Online targeting needs tighter controls, UK data ethics body suggests
A UK government advisory body on AI and data ethics has recommended tighter controls on how platform giants can use ad targeting and content personalization.
Concerns about the largely unregulated eyeball-grabbing targeting tactics of online platforms — be it via serving ‘personalized content’ or ‘microtargeted ads’ to individuals or groups of users — include the risk of generating addictive behaviors; the exploitation and/or discrimination of vulnerable groups; the amplification of misinformation; and election interference, to name a few.
In a report published today the Centre for Data Ethics and Innovation (CDEI) sets out a number of recommendations for platforms that use targeting tools to determine what content or ads are shown to users which it argues will help build public trust in digital services, including those delivered by the public sector.
“Most people do not want targeting stopped. But they do want to know that it is being done safely and ethically. And they want more control,” writes chair Roger Taylor in an executive summary.
“Our analysis of the regulatory environment demonstrates significant gaps in their regulatory oversight,” the report goes on. “Our analysis of public attitudes shows greatest concern and interest about the use of online targeting on large platforms.
“Our research demonstrates that online targeting systems used by social media platforms (like Facebook and Twitter), video sharing platforms (like YouTube, Snapchat, and TikTok), and search engines (like Google and Bing) raise the greatest concerns in these areas.”
The advisory body, which was announced by the Conservative-led government in 2017 to help devise policy for regulating the use of AI and data-driven technologies, is calling for online targeting giants to be held to higher standards of accountability over their use of targeting tools.
Current regulations are inadequate to cover online targeting, per its analysis, while it dubs self-regulation and the status quo “unsustainable”.
Respondents to a survey the CDEI conducted were overwhelmingly in favour (61%) of giving an independent regulator oversight of the use of online targeting systems — vs just 17% preferring self-regulation to continue.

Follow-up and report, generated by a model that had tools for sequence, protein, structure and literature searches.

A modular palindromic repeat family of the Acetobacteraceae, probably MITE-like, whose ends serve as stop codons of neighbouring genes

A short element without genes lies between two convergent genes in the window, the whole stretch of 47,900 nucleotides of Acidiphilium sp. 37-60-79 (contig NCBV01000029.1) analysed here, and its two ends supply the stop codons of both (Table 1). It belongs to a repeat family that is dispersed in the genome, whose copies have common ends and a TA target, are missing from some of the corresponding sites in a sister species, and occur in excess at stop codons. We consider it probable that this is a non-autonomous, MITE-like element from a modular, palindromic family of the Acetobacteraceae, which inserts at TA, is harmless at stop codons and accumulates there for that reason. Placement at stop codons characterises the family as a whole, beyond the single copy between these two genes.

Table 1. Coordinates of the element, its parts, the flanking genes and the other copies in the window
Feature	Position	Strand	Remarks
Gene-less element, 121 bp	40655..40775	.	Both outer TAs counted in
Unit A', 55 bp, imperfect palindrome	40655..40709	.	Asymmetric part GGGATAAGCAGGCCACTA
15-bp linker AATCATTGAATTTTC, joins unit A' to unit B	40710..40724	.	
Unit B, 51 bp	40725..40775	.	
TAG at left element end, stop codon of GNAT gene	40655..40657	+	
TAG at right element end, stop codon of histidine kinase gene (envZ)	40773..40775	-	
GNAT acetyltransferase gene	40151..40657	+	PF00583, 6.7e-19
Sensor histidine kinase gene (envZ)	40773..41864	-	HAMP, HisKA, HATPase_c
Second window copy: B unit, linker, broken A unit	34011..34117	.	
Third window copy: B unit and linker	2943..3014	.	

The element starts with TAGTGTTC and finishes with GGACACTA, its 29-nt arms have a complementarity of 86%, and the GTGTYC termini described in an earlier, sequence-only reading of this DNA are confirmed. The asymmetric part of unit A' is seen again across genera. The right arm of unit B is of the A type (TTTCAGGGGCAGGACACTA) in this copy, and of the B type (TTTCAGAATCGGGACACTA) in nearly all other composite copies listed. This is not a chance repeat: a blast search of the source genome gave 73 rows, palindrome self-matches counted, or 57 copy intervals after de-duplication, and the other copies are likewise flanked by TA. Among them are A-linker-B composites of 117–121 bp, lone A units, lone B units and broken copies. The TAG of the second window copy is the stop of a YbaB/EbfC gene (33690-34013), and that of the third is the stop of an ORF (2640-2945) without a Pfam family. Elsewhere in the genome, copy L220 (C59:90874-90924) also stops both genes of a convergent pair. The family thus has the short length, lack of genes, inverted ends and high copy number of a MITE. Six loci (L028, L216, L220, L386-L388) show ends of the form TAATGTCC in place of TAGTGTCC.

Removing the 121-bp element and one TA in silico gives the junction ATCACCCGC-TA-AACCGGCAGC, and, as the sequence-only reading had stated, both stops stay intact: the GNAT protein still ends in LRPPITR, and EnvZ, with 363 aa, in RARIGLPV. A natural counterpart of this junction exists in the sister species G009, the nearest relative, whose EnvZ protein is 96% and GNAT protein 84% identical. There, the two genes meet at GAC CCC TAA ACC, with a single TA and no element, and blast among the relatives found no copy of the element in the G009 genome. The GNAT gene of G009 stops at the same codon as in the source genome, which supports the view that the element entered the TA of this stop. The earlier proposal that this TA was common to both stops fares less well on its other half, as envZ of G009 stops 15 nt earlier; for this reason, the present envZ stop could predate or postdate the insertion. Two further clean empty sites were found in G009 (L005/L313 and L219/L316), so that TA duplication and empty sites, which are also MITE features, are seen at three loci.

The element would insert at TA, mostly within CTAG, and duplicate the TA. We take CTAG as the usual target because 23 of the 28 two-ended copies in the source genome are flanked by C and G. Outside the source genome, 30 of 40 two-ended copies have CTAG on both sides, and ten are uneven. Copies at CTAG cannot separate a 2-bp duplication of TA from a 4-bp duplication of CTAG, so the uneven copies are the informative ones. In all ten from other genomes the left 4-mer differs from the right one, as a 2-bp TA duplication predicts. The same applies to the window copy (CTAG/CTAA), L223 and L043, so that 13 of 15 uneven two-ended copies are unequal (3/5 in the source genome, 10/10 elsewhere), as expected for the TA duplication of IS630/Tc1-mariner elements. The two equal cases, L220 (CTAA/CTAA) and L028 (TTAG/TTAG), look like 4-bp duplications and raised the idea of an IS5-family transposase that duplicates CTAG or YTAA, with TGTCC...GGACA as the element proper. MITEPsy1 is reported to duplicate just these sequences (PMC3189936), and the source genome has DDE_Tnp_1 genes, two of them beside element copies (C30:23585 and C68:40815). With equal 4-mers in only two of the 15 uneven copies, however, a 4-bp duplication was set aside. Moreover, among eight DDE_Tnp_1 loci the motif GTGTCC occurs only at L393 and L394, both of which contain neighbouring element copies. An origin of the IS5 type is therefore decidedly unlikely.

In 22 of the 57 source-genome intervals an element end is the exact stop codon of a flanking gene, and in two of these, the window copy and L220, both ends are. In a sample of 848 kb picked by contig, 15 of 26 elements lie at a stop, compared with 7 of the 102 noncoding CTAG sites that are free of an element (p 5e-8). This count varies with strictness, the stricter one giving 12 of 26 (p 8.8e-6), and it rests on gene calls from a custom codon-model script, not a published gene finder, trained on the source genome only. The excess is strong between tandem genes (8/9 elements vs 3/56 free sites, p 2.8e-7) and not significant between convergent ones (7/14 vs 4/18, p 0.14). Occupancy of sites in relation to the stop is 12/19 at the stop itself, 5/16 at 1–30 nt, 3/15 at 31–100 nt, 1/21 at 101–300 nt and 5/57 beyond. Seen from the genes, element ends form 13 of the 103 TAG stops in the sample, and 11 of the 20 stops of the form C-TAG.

The UK government set out a plan to regulate a number of online harms in a White Paper published last year — which proposes a duty of care be placed on platforms to protect users from a range of harms, such as age inappropriate content or material that encourages damaging behaviors such as self-harm or eating disorders.
The CDEI suggests this proposed framework could help plug some of the regulatory gaps its report is flagging — “if online targeting is recognised within the independent regulator’s remit” (while warning that would still leave a number of gaps in the regulation of political advertising and advertising).
The report also calls for greater transparency in how online targeting systems operate — “so that society can better understand the impacts of these systems and policy responses can be built on robust evidence”.
Another key recommendation is for Internet users to be given greater control over the way they are targeted so that personalization can better fit their preferences.
“Online targeting has helped to put a handful of global online platform businesses in positions of enormous power to predict and influence behaviour. However, current mechanisms to hold them to account are inadequate,” the CDEI writes. “We have reviewed the powers of the existing regulators and conclude that enforcement of existing legislation and self-regulation cannot be relied on to meet public expectations of greater accountability.”